1. Approve

Depending on risk, value, and other factors, most enterprises have rules about who must approve each contract. These rules are typically defined in a “delegation of authority” and shared with everyone who needs to know. In some cases, the rules may be baked into a workflow process which prevents the release of documents while an approval task is pending. In other cases, ad hoc approval tasks may be recorded for audit trail and compliance purposes, but with fewer controls and more flexibility for individual users.

  1. Negotiate

Most businesses will negotiate the terms of larger deals, to balance the contractual allocation of risk against the value and importance of the deal. Negotiations may cover commercial or legal terms, and may touch many different people on either side of the transaction. Throughout the process, negotiators may leverage a variety of tools, including playbooks with preferred and fallback positions, clause libraries, document redlines and comparisons, and issue lists.

  1. Sign

To close any deal, each party must sign the final agreement. This may be achieved by wet signature on a paper document, or by digital signature on an electronic document. When all signatures are complete, the final executed contract is exchanged and retained by each party as the golden record of their agreement.

  1. Capture

For complete insight into a contract portfolio and contractual risk, it’s essential to capture all relevant documents in a central system, and to capture structured, machine-readable data from those documents. This may include robotic “discovery” of contractual documents scattered across internal systems, automatic OCR conversion and clean-up of imaged documents into text, robotic extraction of data using AI and machine learning techniques, and human review for quality assurance and high-complexity scenarios.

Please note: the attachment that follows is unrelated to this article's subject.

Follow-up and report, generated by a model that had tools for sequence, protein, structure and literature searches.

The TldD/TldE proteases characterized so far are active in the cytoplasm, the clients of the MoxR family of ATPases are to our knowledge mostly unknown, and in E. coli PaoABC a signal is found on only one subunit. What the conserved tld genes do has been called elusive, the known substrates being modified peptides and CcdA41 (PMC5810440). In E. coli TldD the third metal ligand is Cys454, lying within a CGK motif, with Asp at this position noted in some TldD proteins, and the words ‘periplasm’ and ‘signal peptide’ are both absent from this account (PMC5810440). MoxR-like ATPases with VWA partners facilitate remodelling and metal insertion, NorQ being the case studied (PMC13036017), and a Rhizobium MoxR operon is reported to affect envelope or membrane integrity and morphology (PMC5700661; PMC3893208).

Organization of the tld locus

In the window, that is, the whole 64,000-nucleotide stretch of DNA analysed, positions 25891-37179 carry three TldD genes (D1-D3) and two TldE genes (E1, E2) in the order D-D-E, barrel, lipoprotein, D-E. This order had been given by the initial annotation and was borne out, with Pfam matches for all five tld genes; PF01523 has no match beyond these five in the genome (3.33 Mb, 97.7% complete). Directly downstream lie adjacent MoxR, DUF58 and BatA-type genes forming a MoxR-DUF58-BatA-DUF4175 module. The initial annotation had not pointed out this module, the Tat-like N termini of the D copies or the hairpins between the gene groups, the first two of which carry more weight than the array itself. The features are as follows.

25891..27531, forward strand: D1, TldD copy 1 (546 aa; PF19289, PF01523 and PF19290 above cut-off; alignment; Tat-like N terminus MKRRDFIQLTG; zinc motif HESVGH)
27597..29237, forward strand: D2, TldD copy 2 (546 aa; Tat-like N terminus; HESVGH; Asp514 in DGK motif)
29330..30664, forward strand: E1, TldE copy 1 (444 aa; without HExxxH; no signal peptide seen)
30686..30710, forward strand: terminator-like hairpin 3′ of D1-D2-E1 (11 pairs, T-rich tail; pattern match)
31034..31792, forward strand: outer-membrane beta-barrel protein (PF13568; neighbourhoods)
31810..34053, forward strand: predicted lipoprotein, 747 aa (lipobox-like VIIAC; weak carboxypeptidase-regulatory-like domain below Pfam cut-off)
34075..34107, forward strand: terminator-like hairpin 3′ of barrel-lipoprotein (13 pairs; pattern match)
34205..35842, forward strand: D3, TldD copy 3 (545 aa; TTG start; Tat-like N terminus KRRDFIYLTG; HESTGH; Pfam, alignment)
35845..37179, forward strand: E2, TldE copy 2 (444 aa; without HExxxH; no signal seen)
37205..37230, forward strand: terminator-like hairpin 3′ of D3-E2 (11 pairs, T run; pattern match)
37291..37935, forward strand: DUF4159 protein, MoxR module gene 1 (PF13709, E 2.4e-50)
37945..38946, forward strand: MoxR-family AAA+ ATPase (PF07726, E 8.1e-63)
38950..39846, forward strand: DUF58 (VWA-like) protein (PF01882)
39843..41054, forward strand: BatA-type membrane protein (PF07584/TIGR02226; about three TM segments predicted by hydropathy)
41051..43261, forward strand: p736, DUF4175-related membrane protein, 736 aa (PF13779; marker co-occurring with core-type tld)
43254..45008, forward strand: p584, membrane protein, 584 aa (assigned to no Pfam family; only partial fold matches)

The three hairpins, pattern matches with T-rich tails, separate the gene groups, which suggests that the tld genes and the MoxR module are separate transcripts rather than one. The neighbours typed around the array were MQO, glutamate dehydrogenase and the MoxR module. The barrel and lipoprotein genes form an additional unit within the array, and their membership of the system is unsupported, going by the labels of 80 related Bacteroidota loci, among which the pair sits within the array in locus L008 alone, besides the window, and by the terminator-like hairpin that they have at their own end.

1. Comply

The most immediate challenge for any active contract is to comply with its various contract obligations and commitments. Failure to satisfy a performance, payment, reporting, or credit support obligation will likely trigger a contractual breach, with the risk of termination and exposure to substantial liabilities. Perhaps worse, contractual and regulatory compliance failures can cause serious brand damage.

  1. Manage

Beyond compliance, an enterprise must manage the rights, renewals, amendments, and relationships defined throughout its contract portfolio. Automated tracking and alerts can eliminate the high cost of missing an important right or contract renewal. And for effective management of customer and vendor relationships, contractual data must often be linked to performance data and external reference databases.

  1. Optimize

With more data, and improved insight into contractual terms and performance, a business can optimize its portfolio for better value, lower risk outcomes. For high performance contract teams, the goal is a continuous feedback loop between the contract portfolio and business performance. If, for example, the data shows that certain negotiation issues consume a large chunk of time, but yield no measurable difference in risk or performance, you may tweak the playbook to remedy those issues quickly.